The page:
Background: Nebulized hypertonic saline (HS) treatment is unavailable to large populations worldwide.
Objectives: To determine the bacterial contamination and electrolyte concentrations in homemade (HM-HS) vs. pharmacy made (PM-HS).
Methods: We conducted three double-blind consecutive trials: 50 boiled-water homemade 3%-HS (B-HM-HS) bottles and 50 PM-HS. The bottles were cultured after 48 hours. Electrolyte concentrations were measured in 10 bottles (5 per group). Forty bottles (20 per group) were distributed to volunteers for simulation of realistic treatment by drawing 4 ml HS three times daily. From each bottle, 4 ml samples were cultured after 1, 5, and 7 days. Volunteers prepared 108 bottles containing 3%-HS, sterilizing them using a microwave oven (1100–1850W). These bottles were cultured 24 hours, 48 hours, and 1 month after preparation.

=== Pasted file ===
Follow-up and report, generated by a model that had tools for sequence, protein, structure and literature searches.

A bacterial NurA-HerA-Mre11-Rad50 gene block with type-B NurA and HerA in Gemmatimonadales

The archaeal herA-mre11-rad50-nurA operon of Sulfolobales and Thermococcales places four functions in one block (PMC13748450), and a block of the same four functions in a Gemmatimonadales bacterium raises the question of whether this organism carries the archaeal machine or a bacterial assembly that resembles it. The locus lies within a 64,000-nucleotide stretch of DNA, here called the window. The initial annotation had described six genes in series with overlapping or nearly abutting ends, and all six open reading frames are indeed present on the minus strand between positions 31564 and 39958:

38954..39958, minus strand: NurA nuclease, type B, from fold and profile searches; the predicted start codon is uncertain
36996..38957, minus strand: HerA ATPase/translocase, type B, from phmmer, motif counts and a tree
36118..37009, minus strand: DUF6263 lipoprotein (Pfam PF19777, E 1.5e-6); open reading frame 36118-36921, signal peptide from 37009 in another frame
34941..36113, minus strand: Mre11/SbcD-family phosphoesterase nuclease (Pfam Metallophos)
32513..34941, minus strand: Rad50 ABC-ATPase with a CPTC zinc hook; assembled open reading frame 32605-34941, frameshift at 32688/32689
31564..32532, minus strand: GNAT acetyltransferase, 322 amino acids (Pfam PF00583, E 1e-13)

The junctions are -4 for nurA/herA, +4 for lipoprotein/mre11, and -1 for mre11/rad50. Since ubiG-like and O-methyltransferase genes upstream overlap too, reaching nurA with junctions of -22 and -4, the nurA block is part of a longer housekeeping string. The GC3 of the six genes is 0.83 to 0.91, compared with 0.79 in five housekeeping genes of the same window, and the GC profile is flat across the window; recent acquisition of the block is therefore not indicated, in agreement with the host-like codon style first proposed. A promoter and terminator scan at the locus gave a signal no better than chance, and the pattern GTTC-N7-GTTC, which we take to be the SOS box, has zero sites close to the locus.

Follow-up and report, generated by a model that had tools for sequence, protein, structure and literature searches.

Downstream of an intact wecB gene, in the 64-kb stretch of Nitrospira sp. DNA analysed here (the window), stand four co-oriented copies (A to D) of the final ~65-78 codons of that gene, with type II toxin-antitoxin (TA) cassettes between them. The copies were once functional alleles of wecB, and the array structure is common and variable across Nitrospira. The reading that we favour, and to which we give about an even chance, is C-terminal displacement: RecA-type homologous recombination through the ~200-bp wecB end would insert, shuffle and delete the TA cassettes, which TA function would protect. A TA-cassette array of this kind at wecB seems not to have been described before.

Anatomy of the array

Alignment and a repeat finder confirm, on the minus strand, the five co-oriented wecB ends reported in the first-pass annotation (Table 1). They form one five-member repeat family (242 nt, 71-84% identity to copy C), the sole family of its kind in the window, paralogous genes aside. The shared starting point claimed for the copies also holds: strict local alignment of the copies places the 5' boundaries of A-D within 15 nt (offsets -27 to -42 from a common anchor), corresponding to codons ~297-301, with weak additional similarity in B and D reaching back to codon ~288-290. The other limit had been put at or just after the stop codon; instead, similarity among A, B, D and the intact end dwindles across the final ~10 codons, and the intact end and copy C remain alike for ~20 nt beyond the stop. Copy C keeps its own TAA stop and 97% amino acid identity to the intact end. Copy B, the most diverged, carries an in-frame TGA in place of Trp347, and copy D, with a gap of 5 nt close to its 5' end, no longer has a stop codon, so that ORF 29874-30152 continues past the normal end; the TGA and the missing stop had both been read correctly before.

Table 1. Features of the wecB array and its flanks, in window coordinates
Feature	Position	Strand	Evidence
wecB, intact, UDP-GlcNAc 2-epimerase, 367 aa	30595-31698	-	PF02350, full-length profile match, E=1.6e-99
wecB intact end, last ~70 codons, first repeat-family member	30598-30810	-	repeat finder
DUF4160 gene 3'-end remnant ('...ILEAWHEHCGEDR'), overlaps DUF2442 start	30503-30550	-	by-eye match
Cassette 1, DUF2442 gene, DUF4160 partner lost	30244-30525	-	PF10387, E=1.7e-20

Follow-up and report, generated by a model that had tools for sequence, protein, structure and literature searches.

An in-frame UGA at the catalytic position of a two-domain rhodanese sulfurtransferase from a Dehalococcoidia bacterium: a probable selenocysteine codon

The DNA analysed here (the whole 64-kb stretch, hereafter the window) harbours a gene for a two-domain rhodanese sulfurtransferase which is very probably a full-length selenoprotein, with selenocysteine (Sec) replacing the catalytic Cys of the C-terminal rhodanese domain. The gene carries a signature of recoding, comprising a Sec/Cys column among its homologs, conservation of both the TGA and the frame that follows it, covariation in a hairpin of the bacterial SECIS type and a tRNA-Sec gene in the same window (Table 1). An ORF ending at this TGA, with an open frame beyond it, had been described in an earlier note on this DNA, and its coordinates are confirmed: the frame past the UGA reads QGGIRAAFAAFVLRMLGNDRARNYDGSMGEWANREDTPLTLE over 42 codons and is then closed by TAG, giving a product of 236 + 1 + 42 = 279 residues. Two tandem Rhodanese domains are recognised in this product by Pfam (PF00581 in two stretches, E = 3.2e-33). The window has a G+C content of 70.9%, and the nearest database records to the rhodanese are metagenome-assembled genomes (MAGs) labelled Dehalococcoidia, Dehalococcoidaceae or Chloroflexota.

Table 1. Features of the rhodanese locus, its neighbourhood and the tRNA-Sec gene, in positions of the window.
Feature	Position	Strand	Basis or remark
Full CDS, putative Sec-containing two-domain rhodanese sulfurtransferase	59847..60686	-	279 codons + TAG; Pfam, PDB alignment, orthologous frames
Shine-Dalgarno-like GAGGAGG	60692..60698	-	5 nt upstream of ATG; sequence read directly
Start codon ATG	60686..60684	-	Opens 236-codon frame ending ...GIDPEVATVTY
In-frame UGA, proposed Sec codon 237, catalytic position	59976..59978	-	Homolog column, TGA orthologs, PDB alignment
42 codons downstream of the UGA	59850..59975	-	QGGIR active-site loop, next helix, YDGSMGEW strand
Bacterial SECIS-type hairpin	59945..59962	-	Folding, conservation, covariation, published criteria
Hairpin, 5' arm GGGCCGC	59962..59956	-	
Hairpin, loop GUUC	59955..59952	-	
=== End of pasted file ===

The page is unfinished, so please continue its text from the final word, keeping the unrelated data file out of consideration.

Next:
Results: Contamination rates of B-HM-HS and PM-HS after 48 hours were 56% and 14%, respectively (P = 0.008). Electrolyte concentrations were similar: 3.7% ± 0.4 and 3.5% ± 0.3, respectively (P = NS). Following a single day of simulation B-HM-HS bottles were significantly more contaminated than PM-HS bottles: 75% vs. 20%, respectively (P < 0.01). By day 7, 85% of PM-HS bottles and 100% of B-HM-HS bottles were contaminated (P = 0.23). All 108 microwave-oven prepared bottles (MICRO-HS) were sterile, which was significantly better than the contamination rate of B-HM-HS and PM-HS (P < 0.001). Calculated risk for a consecutive MICRO-HS to be infected was negligible.
Conclusion: Microwave preparation provides sterile HS with adequate electrolyte concentrations, and is a cheap, fast, and widely available method to prepare HS.